Ladies and gentlemen of humble Trail Blazer Nation, I am, in defiance of all possible logic or hope, writing a Trail Blazers playoff preview. Think about how absurd this would have been six to nine months ago. One of the league's best starting lineups was dismantled wholesale: LaMarcus off to drink from the well of the Black Order; Wes Matthews and Robin Lopez to better-paying situations; Nic Batum traded to the Charlotte Hornets, and performing well; Damian Lillard, the only sure thing remaining on a team full of weird coin flips.

But then, out of nowhere, the Blazers (44-38, sixth place offense, 20th place defense) hit like 20 consecutive heads. CJ McCollum, throughly inessential in his first three years with the team, blossomed into a spectacular secondary ball handler and gave the Blazers a two-pronged point guard attack. Al-Farouq Aminu, a fabulous defender but problematic shooter and floor-spacer, fixed his shooting and became a valuable piece overnight. Ed Davis broke out a little. Allen Crabbe solidified into a full-time NBA player. Meyers Leonard remained an enigma.

It was crazy! The 2015-16 NBA season was defined by near-total Warriors dominance, casting a thin pall of gloom over every other playoff squad. The Blazers' total out-of-nowhere playoff run was one of the only strange, hummable songs the league managed to turn out this year. Barring an embarrassing loss that injures half the team, the Blazers' year is already an unqualified success, and no further playoff success is required…but it's tantalizing to consider.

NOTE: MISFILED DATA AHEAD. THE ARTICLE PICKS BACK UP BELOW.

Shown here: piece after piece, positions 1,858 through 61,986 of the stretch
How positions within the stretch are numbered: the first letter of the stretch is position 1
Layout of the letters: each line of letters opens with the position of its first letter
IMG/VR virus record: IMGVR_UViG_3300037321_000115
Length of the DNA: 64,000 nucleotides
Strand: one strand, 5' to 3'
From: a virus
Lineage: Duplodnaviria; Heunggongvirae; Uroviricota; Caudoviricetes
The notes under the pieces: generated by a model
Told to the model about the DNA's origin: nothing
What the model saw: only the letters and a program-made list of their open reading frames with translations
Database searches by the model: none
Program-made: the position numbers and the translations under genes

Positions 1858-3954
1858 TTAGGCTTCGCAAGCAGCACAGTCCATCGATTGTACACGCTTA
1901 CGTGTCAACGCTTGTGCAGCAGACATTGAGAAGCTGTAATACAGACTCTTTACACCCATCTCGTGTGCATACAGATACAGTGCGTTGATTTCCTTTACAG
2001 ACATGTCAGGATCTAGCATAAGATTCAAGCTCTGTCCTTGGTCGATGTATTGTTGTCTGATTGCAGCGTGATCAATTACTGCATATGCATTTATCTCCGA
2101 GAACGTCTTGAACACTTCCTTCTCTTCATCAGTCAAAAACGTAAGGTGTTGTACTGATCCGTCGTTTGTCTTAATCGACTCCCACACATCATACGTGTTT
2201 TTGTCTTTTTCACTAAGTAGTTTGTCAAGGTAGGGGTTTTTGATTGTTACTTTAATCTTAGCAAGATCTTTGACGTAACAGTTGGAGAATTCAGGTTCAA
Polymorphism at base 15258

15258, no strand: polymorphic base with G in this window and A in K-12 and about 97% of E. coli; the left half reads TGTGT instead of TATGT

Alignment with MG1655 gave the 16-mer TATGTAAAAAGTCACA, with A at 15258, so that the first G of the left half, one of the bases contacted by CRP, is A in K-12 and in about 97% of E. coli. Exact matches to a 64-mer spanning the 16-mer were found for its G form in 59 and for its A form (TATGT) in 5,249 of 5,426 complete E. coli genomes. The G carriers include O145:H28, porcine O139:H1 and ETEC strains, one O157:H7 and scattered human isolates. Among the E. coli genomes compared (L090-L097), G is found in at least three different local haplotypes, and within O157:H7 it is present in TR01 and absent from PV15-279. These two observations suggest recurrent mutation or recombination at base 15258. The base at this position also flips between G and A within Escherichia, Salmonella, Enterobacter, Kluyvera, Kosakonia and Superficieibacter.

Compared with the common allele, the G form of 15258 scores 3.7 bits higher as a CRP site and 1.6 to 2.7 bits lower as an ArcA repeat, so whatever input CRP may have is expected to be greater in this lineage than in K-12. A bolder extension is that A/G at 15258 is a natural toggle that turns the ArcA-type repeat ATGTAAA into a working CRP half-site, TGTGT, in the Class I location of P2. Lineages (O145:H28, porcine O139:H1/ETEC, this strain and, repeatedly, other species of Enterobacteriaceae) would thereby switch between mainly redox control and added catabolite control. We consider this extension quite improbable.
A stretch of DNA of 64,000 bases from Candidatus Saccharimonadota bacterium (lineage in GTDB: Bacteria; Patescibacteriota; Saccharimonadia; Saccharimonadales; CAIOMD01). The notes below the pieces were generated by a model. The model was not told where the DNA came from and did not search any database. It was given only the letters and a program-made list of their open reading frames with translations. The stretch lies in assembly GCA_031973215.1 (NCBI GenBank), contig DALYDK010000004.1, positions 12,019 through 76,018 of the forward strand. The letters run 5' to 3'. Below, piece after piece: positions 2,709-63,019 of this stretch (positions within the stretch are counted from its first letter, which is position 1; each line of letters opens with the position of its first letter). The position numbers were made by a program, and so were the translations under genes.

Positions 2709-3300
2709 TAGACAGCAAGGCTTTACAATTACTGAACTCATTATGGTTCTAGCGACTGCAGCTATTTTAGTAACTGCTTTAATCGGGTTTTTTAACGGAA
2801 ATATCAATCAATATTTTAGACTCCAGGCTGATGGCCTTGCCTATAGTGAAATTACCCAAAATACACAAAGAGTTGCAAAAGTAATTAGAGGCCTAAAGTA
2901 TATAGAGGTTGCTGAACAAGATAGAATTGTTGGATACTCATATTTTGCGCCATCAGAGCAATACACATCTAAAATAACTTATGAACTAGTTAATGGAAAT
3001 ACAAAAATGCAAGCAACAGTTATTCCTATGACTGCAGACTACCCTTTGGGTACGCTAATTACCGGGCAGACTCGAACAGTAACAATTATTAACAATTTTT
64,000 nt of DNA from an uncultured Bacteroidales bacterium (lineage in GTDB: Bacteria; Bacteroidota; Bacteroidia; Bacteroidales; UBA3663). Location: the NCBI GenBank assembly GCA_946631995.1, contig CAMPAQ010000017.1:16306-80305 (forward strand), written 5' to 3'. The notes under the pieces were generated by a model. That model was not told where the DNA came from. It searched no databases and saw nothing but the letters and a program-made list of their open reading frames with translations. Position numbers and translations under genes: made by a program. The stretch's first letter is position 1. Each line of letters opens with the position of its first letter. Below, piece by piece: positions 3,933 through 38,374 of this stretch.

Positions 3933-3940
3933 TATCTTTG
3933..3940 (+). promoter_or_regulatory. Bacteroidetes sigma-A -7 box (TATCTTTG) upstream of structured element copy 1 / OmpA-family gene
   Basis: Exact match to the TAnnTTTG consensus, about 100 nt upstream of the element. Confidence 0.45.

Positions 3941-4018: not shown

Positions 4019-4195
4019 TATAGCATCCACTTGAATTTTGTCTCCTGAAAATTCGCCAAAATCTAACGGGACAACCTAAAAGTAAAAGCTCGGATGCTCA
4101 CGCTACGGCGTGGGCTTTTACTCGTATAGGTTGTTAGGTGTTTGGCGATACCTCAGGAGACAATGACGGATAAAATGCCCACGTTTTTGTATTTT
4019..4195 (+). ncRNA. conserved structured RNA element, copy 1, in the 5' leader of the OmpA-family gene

The Blazers will be playing the Los Angeles Clippers, a team from Los Angeles that is better than the Lakers, but also more haunted and unnerved. Here is the schedule:

Of course, if your announcer palette prefers a Mike-and-Mike bouquet, or you are still rocking a classic TV Antenna, all first round games will also be simulcast on KGW. (That's channel 8, if your grandparents are asking.)


No. They are a group of talented, disparate, desperate-seeming men on a voyage to death. They went 53-29 on the year, posted the league's eighth best offense and the sixth best defense.

Chris Paul was once the NBA's finest point guard, an exemplar distributor and scorer whose competitive juices poured out of his body. But now, aging slowly in a rapidly changing (more generalized, motion-offense-type passing, three-point shooting) NBA, he is looking more and more like The Man Time Passed By, a great player who angled himself into a proper winning situation and got submerged under Hurricane Curry and the unbreakable flaws of his younger teammates.

But, of course, that is merely an existential condition. As far as the Blazers are concerned, CP3 is dangerous as shit, especially without an particularly good guard defender to pick him up—barring a Brian Roberts revelation on defense from Defensor, the God of Mild Interference. Paul managed 19.5 points and 10 assists a game while being limited to 31 minutes of action per night. He will be playing more often in the playoffs.

Blake Griffin is a multi talented forward who is in the 95th percentile of athlete fame. He sat out a lot of the year after punching a guy in the face. The story involved workplace friendships, authority structures, queasy feelings, questions of character. I almost don't like thinking about it, because the motivations of all involved, from Blake to the guy he punched to the team's PR people, are complicated and weird. Look for Aminu to try and pester him into a frustrated series.